What are these flights of fancy that Mabel has? Well, they are short snippets about anything that I've been doing, stitching, designing, thinking about, experimenting with, and so on, which I think you may be interested in. They'll tell you about new designs, how I come up with names, changes I'm making in designs I'm working on and so on. I can't promise posts will be regular or terribly frequent, but I'll do my best not to neglect this page for long periods of time! By the way, some of the pictures are thumbnails, so you can click on them for a larger version; if you hover over one and a little magnifying glass with a + appears, it's clickable.

More shisha flowers, a doodle and a frame

All right, all right, so I’m getting a bit carried away. But they are quick, they are easy, they are pretty – I love my little shisha flowers! However, all this experimenting has made me re-think my decisions about the workshop kit. The Cretan stitch version is nice, but it’s less floral-looking than the fly stitch version. Can we do something about that? How about changing the shape of the ‘petals’ by changing the place where you bring up the needle to catch the loop of the thread? When I first tried this stitch, I took the needle down on one of the dots, left a loop, then brought the needle up half-way between the dot and the mirror – you can see this in the first picture. I then tried varying this, bringing the needle up nearer the dot, or nearer the mirror, to see if this would produce a more natural, floral look (second picture; the back is shown in the third picture). The effect I was aiming for was sort of chrysanthemummy; I don’t think I got it. Still, it looks interesting. Finally I came up as near as I could to the dot every time, making the petals a bit wider (fourth picture). That’s the version I like best. But it’s still not as floral as the fly stitch version.

Standard Cretan shisha Cretan shisha with varied petal tip length Cretan shisha with varied petal tip length, back Cretan shisha with short petal tips

Unfortunately the fly stitch version, which does produce nice daisy-like flowers, takes rather longer to do. It is also quite dense when using the smaller version of the design. The first picture shows a 24-petal fly stitch shisha using perle #5. The second uses perle #8 and look less dense, but of course takes just as long to stitch as the first version, as they are identical apart from the thread. Both of these were stitched using my 12-dot design, with petals stitched on and between the dots. So what if I used the 16-dot version, and stitched only on the dots? I tried this with my re-drawn design, and liked the shape it produced, although the petals were a bit short and stumpy. Back to the drawing board, and push the dots outward a bit. I stitched it and yes, that’s my flower!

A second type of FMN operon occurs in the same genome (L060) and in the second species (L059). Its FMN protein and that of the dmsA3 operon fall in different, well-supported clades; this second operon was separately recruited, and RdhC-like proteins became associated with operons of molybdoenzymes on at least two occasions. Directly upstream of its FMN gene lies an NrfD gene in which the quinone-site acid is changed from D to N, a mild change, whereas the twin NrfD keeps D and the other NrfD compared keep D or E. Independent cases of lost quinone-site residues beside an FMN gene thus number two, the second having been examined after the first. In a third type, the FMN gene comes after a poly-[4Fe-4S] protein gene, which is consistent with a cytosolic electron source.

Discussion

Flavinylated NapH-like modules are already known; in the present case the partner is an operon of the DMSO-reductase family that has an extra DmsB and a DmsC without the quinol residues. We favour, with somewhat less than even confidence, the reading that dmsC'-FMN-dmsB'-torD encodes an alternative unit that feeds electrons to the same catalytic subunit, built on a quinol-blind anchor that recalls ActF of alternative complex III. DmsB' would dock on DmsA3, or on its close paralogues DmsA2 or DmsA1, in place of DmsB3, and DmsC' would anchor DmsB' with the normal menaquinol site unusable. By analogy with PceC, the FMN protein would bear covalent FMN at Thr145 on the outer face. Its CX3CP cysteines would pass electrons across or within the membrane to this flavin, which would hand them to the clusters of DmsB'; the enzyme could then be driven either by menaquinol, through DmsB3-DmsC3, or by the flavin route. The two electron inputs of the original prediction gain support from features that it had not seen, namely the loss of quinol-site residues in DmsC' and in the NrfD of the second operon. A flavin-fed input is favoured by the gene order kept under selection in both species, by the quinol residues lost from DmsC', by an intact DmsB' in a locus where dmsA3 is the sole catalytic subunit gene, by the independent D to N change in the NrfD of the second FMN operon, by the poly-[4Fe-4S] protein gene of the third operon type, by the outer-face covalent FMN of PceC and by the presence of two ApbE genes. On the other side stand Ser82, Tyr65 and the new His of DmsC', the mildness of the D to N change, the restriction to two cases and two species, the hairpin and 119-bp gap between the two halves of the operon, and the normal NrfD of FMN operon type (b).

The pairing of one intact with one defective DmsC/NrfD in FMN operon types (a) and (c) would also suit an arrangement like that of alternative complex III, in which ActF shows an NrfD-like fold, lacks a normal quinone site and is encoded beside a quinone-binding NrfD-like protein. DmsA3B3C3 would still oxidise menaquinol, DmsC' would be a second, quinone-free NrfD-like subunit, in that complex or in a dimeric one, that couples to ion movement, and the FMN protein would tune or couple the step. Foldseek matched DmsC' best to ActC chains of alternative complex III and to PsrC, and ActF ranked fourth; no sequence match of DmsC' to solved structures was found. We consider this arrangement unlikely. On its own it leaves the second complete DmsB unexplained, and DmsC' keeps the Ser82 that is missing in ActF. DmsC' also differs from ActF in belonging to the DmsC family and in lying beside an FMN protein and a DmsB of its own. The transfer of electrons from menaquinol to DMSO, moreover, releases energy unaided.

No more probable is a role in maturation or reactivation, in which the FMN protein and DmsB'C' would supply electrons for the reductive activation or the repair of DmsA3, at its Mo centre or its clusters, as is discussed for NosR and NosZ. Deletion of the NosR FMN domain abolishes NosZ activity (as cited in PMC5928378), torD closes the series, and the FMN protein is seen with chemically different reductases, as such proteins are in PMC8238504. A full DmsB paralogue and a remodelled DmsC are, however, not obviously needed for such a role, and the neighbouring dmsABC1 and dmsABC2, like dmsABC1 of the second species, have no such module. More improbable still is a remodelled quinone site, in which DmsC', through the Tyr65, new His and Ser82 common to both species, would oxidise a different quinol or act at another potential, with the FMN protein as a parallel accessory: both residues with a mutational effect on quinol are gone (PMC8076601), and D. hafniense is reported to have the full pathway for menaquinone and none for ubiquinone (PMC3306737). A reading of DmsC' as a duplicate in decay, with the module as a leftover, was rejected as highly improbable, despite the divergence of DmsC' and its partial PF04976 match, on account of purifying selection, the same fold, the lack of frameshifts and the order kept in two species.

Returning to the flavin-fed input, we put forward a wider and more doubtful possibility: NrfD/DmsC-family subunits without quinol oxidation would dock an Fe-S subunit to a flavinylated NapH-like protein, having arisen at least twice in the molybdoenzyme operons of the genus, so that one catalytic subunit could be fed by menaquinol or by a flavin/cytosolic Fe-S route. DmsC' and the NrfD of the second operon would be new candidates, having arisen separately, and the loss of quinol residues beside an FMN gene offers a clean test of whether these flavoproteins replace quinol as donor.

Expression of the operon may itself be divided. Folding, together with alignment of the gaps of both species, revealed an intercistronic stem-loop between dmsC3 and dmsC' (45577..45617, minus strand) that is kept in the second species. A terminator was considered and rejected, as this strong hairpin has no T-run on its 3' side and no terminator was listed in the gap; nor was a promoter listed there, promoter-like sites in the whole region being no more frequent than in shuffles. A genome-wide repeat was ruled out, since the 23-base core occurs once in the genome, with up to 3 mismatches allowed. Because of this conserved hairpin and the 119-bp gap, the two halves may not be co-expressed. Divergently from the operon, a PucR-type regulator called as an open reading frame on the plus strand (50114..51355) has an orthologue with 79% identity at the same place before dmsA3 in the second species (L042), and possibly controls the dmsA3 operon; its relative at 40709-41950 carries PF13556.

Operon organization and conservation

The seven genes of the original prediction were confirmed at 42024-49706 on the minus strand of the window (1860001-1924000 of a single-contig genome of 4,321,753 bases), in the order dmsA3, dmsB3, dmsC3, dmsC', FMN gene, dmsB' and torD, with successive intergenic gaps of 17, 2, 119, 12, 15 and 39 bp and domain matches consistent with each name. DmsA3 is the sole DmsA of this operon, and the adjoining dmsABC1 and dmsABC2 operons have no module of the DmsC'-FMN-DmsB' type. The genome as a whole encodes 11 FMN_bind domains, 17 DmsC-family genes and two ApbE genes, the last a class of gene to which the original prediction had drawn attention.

Fly stitch shisha with 24 petals, using perle #5 Fly stitch shisha with 24 petals, using perle #8 Fly stitch shisha with 16 short petals, using perle #5 Fly stitch shisha with 16 long petals, using perle #5

So now, finally final – I’ve redone the design again to incorporate an 18mm mirror/sequin/whatever, 16 longer petals, the slightly larger leaf and the overall size to fit in the small card. It’s been stitched and photographed, the kit fronts have been printed, and I can start putting together the leaflets and the kits (once I’ve written and drawn the instructions). Progress!

The final Shisha flower

I have been doing other things as well – my goldwork watering can is nearly finished, and I did some doodling in floche on felt. Floche isn’t very easy to get hold of, and I can’t think where I got mine from, but it’s a soft, indivisible thread which is quite nice to use. I wanted to stitch something simple on felt, found that the felt I had was so fuzzy that it wouldn’t take a mark from any pen, pencil or felt-tip I could find, so in the end I just started somewhere and went with the flow. Very relaxing. It may eventually become a bookmark, or it may just stay a doodle.